"He's worked so hard for us," Pence said. "You can't help but put some of the burden on your own shoulders."
Pence said Berry worked with him throughout the Minor Leagues and said he has made an impact on his career.
"He did everything he could," Pence said. "He bent over backwards for us. I've been grateful for the time I had with him."
First baseman Lance Berkman was the first to admit he hasn't hit up to his ability this season with a .252 average and just 12 home runs entering Sunday. Berkman also raved about Berry's work ethic and said he will be missed.
"When things aren't going well with the players, you have to shake something up and the most expendable pieces are the coaching staff," Berkman said. "The team's offensive struggles in no way are a reflection of him as a hitting coach. We just didn't hit well. He just took the fall for us and it's unfortunate."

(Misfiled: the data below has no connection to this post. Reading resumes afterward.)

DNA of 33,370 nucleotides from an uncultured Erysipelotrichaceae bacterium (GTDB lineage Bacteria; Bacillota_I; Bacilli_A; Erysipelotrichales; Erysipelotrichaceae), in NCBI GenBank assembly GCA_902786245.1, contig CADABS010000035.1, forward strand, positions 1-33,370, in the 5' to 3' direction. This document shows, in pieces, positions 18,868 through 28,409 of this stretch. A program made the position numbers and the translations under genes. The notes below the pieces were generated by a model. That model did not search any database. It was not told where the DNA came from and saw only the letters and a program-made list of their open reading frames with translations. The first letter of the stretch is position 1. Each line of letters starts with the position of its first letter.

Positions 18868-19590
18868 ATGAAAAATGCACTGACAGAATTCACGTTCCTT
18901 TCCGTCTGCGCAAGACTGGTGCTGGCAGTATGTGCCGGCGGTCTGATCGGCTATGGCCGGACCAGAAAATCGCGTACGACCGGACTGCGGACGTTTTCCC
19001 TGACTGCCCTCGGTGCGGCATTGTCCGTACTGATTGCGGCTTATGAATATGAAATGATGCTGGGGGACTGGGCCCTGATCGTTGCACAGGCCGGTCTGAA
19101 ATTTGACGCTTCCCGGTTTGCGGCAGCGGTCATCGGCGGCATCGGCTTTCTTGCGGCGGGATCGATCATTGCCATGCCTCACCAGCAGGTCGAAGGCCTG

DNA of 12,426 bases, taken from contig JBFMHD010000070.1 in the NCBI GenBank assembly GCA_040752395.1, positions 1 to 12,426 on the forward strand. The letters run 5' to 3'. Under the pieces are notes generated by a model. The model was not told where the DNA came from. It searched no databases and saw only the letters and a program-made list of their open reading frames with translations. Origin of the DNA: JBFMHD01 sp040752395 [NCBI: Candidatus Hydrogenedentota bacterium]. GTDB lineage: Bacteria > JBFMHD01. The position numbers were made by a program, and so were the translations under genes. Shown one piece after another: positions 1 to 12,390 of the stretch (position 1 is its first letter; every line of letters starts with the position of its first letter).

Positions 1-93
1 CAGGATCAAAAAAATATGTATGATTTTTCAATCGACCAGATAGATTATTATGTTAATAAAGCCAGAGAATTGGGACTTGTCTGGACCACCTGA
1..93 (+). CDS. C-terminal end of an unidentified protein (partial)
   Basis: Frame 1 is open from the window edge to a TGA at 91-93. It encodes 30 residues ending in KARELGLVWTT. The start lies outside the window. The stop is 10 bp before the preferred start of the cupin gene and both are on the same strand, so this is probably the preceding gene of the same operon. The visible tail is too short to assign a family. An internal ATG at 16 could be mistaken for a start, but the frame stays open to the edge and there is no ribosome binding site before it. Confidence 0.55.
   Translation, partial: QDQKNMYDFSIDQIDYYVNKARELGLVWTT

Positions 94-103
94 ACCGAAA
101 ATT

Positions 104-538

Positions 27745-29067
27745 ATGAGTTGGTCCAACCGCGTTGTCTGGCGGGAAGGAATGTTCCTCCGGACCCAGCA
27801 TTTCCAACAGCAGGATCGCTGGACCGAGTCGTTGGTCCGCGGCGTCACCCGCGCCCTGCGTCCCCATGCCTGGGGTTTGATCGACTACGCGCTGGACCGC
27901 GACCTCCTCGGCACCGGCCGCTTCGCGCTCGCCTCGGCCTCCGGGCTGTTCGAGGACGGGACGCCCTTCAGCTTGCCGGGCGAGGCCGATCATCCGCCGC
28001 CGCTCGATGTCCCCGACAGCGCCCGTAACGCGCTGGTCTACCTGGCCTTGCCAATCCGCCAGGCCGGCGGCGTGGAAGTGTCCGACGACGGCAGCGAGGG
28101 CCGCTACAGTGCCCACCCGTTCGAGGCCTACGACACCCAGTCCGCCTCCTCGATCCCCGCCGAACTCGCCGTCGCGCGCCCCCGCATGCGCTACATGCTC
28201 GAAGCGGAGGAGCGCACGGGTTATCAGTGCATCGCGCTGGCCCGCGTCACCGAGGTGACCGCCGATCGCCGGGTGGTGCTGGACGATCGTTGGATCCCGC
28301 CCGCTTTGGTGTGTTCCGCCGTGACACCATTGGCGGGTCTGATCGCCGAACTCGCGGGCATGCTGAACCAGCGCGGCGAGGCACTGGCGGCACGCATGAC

Berkman added that the only silver lining out of losing Berry is the chance to work with new hitting coach Jeff Bagwell, who Berkman played with for seven seasons as a part of the famous "Killer B's."
"I think that Jeff has always been one of my mentors in the game," Berkman said. "I'm excited that he's going to be around more. I told him yesterday, he helps me more than anybody just from the things he told me when we played together."
Astros center fielder Michael Bourn knows Bagwell as a fan favorite and is well versed on the many records Bagwell holds with the Astros.
"He's a legend here," Bourn said. "He did a lot of damage here. I'm pretty sure he has some pointers here he can point out to us."
Pence also said he's looking forward to working with the Astros' new hitting coach.
"He has a great amount of knowledge," Pence said. "Obviously, with the credentials he has and how well he's played, he definitely understands hitting."
Steve Gartner is an associate reporter for MLB.com. This story was not subject to the approval of Major League Baseball or its clubs.